1. A Thomas Rowlandson print depicting a wild masquerade at the Pantheon in London in 1809.

    A Thomas Rowlandson print depicting a wild masquerade at the Pantheon in London in 1809.

  2. "The Masquerade on Monday night was very numerously attended, but there was no great discrimination displayed either with respect to the selection or dress of the Characters; the best were men in the female garb. The representation of Aunt Deborah, taken from Charles’s picture in the School for Scandal, was very appropriate, and had whimsical effect. Two or three Billingsgates, and an Old Cloathsman of the Tribe of Judah, were happily delineated, but others were, with very few exceptions, composed of noisy Watchmen, Maids of all Work, and the customary et cæteras of vulgar ribaldry."
(source: The London Times, May 23, 1798.)

    "The Masquerade on Monday night was very numerously attended, but there was no great discrimination displayed either with respect to the selection or dress of the Characters; the best were men in the female garb. The representation of Aunt Deborah, taken from Charles’s picture in the School for Scandal, was very appropriate, and had whimsical effect. Two or three Billingsgates, and an Old Cloathsman of the Tribe of Judah, were happily delineated, but others were, with very few exceptions, composed of noisy Watchmen, Maids of all Work, and the customary et cæteras of vulgar ribaldry."

    (source: The London Times, May 23, 1798.)

  3. By the 1780s masquerades had become an integral part of the social calender for London high society.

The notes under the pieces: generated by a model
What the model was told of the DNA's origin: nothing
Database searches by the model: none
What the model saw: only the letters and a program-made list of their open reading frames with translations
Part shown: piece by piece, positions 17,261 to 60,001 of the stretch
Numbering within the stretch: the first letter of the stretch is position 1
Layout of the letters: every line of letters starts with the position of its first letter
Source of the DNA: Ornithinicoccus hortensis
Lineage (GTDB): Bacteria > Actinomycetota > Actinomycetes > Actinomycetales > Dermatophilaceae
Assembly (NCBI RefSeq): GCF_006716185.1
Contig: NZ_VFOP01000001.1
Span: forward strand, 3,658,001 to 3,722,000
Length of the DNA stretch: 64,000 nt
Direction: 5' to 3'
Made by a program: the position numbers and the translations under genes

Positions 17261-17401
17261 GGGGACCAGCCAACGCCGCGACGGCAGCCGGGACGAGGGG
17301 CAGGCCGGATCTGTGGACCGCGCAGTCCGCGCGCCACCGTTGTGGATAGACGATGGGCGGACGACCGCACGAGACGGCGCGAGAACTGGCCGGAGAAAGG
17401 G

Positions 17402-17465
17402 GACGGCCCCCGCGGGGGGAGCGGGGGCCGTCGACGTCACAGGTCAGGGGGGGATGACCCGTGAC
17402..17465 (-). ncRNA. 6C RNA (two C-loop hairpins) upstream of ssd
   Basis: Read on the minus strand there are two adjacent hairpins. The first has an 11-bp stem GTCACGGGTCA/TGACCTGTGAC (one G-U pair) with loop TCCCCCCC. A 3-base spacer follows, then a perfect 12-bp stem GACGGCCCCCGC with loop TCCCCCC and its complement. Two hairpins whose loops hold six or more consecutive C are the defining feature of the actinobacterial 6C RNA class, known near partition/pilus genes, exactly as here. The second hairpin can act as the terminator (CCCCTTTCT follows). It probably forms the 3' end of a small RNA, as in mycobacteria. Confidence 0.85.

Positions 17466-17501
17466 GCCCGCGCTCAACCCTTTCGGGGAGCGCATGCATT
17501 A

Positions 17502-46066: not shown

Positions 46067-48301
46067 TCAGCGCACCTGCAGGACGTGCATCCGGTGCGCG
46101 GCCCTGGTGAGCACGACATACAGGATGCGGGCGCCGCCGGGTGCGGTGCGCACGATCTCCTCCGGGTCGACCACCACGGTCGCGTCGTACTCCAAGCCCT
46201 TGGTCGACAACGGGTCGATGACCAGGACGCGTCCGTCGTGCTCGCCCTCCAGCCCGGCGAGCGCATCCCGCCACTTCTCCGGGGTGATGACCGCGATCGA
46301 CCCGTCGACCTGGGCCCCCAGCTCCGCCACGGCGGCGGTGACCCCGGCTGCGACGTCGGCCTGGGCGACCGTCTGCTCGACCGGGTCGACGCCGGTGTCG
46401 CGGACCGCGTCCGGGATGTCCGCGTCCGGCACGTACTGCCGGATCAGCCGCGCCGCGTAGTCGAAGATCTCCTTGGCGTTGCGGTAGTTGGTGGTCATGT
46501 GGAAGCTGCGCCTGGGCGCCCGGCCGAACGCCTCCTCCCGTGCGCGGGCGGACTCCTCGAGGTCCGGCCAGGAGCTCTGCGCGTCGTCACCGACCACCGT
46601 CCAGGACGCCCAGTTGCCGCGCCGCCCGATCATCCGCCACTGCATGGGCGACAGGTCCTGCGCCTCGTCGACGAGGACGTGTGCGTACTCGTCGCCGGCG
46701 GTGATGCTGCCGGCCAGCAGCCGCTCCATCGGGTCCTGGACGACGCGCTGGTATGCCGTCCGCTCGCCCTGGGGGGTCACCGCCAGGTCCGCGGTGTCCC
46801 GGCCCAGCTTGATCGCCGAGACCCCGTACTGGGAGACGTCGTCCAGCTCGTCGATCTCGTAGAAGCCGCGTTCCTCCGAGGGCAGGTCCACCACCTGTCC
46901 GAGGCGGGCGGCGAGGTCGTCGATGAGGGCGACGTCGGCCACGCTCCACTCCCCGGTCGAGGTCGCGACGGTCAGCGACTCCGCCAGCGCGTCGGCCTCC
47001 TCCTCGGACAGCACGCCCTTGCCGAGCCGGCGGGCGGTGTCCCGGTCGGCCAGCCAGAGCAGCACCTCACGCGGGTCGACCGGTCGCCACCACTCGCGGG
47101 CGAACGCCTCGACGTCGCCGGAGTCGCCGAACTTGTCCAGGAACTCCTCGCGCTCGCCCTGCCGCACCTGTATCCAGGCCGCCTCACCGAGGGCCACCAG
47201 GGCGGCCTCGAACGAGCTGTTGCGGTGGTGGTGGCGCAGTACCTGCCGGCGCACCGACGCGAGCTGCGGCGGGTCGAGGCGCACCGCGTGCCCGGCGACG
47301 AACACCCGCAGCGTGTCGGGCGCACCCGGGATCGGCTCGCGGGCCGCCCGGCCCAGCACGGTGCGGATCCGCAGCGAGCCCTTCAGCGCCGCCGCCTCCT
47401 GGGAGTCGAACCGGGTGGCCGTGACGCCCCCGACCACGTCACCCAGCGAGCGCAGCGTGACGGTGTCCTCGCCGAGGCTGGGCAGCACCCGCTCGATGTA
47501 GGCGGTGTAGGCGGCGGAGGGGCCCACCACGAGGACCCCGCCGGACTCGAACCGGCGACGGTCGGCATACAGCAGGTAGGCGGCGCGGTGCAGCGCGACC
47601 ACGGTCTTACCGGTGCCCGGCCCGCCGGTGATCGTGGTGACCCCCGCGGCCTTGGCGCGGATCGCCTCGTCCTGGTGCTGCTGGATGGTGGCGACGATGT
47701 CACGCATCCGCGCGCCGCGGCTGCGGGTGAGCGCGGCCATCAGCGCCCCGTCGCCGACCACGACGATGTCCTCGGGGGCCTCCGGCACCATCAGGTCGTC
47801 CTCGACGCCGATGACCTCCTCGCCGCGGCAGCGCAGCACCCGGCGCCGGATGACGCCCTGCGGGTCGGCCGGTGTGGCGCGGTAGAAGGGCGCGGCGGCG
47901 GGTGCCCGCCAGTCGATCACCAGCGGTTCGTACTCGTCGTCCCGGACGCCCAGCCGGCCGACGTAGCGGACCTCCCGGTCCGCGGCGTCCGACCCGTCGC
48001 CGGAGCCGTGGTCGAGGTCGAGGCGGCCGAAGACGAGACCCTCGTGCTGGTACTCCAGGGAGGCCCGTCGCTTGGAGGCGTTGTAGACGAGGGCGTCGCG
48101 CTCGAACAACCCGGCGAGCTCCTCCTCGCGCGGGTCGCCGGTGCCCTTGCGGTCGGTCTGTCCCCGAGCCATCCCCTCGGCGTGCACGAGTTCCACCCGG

Interest in the goings on at these parties was so great that newspapers would often print a list of the characters the aristocracy had chosen to portray.
This particular list was published in the London Times on February 5, 1788, the day after the Pantheon Masquerade at the King’s Theatre.

    By the 1780s masquerades had become an integral part of the social calender for London high society.

    Interest in the goings on at these parties was so great that newspapers would often print a list of the characters the aristocracy had chosen to portray.

    This particular list was published in the London Times on February 5, 1788, the day after the Pantheon Masquerade at the King’s Theatre.

  4. A 1771 engraving of a masquerade at the Pantheon, Oxford Street in London shows how intricate costumes had become by the late 18th century. Grotesque masks and large props were the norm and characters continued to become increasingly elaborate and bizarre.

    A 1771 engraving of a masquerade at the Pantheon, Oxford Street in London shows how intricate costumes had become by the late 18th century. Grotesque masks and large props were the norm and characters continued to become increasingly elaborate and bizarre.

  5. A 1771 engraving from Oxford Magazine depicts the “Remarkable Characters at Mrs. Cornely’s Masquerade”.

    A 1771 engraving from Oxford Magazine depicts the “Remarkable Characters at Mrs. Cornely’s Masquerade”.

  6. A print from The Gentleman’s Magazine shows the wide variety of costumes and characters in attendance at a masquerade in London in 1768.

    A print from The Gentleman’s Magazine shows the wide variety of costumes and characters in attendance at a masquerade in London in 1768.

  7. Masquerades continued to grow in popularity during the early 18th century. The wearing of full costumes became more common as did the practice of staying in character throughout the event.
This painting by Giuseppe Grisoni depict a masquerade held at the King’s Theatre on Haymarket Street in London in 1724.

    Masquerades continued to grow in popularity during the early 18th century. The wearing of full costumes became more common as did the practice of staying in character throughout the event.

    This painting by Giuseppe Grisoni depict a masquerade held at the King’s Theatre on Haymarket Street in London in 1724.